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US stocks, oil prices sink after China currency move
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NEW YORK (AP) — U.S. stocks fell sharply on Tuesday, led by declines in energy and materials stocks as commodities prices sank. Prices for oil and copper fell sharply after China's government lowered the value of its currency, suggesting weakness in the world's second-largest economy. Google gained after the company announced a restructuring.

KEEPING SCORE: The Standard & Poor's 500 index fell 24 points, or 1.2 percent, to 2,079 as of 2:50 p.m. Eastern time. The S&P 500 is on track for its biggest drop in a month. The Dow Jones industrial average lost 240 points, or 1.4 percent, to 17,373. The Nasdaq composite index fell 82 points, or 1.6 percent, to 5,018.

CHINA'S DEVALUATION: Beijing's move allowed the yuan to fall 1.9 percent, the biggest one-day drop in a decade. In recent months, the yuan has strengthened along with the U.S. dollar, hurting Chinese exporters. China's exports fell by an unexpectedly large 8.3 percent in July. The People's Bank of China said market forces would be given a bigger role in setting the exchange rate, leaving open the possibility of more declines. China's yuan was valued at 6.32 per dollar on Tuesday, compared with 6.21 per dollar a day earlier.

THE QUOTE: "The Chinese government will do whatever is necessary to keep the Chinese economy on course," said John Manley, chief equity strategist at Wells Fargo Fund Management. "People are reading this as a signal that their economy needs more help."

Manley also said that the move lower in stocks may have been exacerbated as traders sold following a big jump in prices on Monday.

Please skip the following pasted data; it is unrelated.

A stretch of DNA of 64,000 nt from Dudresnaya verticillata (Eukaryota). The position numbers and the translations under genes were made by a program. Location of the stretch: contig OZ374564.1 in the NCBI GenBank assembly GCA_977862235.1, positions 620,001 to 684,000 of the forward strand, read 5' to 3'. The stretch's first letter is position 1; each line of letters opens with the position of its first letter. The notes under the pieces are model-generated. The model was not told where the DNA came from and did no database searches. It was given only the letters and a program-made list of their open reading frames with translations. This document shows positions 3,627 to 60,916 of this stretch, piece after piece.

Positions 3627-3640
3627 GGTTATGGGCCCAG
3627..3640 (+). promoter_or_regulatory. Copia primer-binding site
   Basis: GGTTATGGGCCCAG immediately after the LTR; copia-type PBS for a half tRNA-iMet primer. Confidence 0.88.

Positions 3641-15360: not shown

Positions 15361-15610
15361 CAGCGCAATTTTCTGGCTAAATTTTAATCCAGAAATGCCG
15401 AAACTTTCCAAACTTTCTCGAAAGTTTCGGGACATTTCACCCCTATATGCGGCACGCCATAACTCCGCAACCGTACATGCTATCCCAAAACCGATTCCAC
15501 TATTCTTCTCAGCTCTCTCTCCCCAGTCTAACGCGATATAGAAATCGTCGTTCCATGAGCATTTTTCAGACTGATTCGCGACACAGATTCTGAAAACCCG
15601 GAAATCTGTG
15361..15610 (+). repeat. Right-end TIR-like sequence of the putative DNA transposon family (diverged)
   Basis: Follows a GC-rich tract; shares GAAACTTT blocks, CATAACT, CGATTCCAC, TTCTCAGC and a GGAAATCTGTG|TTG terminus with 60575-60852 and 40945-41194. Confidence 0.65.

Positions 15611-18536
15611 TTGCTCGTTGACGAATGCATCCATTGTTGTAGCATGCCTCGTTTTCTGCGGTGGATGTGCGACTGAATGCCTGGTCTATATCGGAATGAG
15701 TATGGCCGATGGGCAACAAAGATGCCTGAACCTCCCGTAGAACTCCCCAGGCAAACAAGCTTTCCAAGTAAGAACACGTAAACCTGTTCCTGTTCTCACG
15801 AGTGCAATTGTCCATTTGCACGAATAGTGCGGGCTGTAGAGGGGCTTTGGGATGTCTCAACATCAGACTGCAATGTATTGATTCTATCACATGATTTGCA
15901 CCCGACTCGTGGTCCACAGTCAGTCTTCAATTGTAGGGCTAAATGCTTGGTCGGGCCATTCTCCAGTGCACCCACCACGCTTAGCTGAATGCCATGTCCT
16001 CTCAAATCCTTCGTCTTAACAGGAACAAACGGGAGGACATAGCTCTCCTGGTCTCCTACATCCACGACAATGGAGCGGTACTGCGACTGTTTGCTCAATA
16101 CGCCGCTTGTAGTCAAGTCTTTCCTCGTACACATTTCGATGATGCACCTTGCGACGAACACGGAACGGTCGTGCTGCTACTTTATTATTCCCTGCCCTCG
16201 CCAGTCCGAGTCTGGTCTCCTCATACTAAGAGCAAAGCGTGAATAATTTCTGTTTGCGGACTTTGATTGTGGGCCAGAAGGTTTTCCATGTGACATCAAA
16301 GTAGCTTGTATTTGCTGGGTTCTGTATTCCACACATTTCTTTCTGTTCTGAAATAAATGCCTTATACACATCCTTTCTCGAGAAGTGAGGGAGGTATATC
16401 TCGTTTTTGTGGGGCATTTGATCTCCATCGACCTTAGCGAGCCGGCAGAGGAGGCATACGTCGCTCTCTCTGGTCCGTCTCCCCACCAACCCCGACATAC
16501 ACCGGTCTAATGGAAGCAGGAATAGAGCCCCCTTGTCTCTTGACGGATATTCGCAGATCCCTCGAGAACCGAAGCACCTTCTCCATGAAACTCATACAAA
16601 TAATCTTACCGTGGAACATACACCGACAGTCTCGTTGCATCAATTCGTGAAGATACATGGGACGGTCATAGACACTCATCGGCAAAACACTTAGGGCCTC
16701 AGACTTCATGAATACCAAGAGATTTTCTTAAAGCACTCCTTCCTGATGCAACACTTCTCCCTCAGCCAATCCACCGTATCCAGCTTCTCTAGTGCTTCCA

NOT SO TASTY: Yum Brands, the owner of the KFC and Taco Bell chains, was among the biggest decliners in the S&P 500. The fast-food company gets more than half of its sales from China, according to data from FactSet. The company said last month that it was expecting a strong second-half of the year in China. Yum fell $4.43, or 5.1 percent, to $83.28.

THE ABC: Google was the biggest gainer in the S&P 500 after the tech giant announced a new corporate structure that included separating its lucrative Internet business from some of its more speculative research projects. Investors welcomed the increase in transparency that will give them a better idea of how the technology giant spends its cash. The new parent company will be named Alphabet. Google's stock gained $30.07, or 4.5 percent, to $693.20.

FLYING HIGH: Airlines were among the biggest gainers as oil prices fell again. Fuel is one of the biggest expenses for airlines and lower fuel costs typically mean higher profits for airlines. American Airlines rose $1.47, or 3.5 percent, to $43.17. Southwest Airlines gained 95 cents, or 2.5 percent, to $38.75.

BONDS AND CURRENCIES: The dollar gained to 124.85 yen from 124.82 yen Monday. The euro rose to $1.1045 from $1.1021. U.S. government bond prices rose, pushing the yield on the 10-year Treasury note down to 2.13 percent from 2.23 percent on Monday.

GREECE DEAL: Greece says it has reached an agreement with its international creditors on the broad terms of a new bailout deal. The news pushed Greek stocks up 2 percent and sent yields on Greek government bonds sharply lower, an indication investors are less worried about a default. Officials expect the deal to be finalized Tuesday.

EUROPE'S DAY: Other European markets were mostly lower. France's CAC-40 fell 1.9 percent, and Germany's DAX lost 2.7 percent. Britain's FTSE 100 shed 1.1 percent.

ENERGY: Benchmark U.S. crude fell $1.88 to $43.08 per barrel on the New York Mercantile Exchange, its lowest closing price in more than six years. As well as falling due to concerns about demand, oil also dropped as an OPEC report showed that the cartel's production rose to a three-year high in July.

METALS: Gold climbed $3.60 to $1,107.70 an ounce and silver was little changed at $15.28 an ounce. Copper dropped 6.9 cents to $2.33 per pound.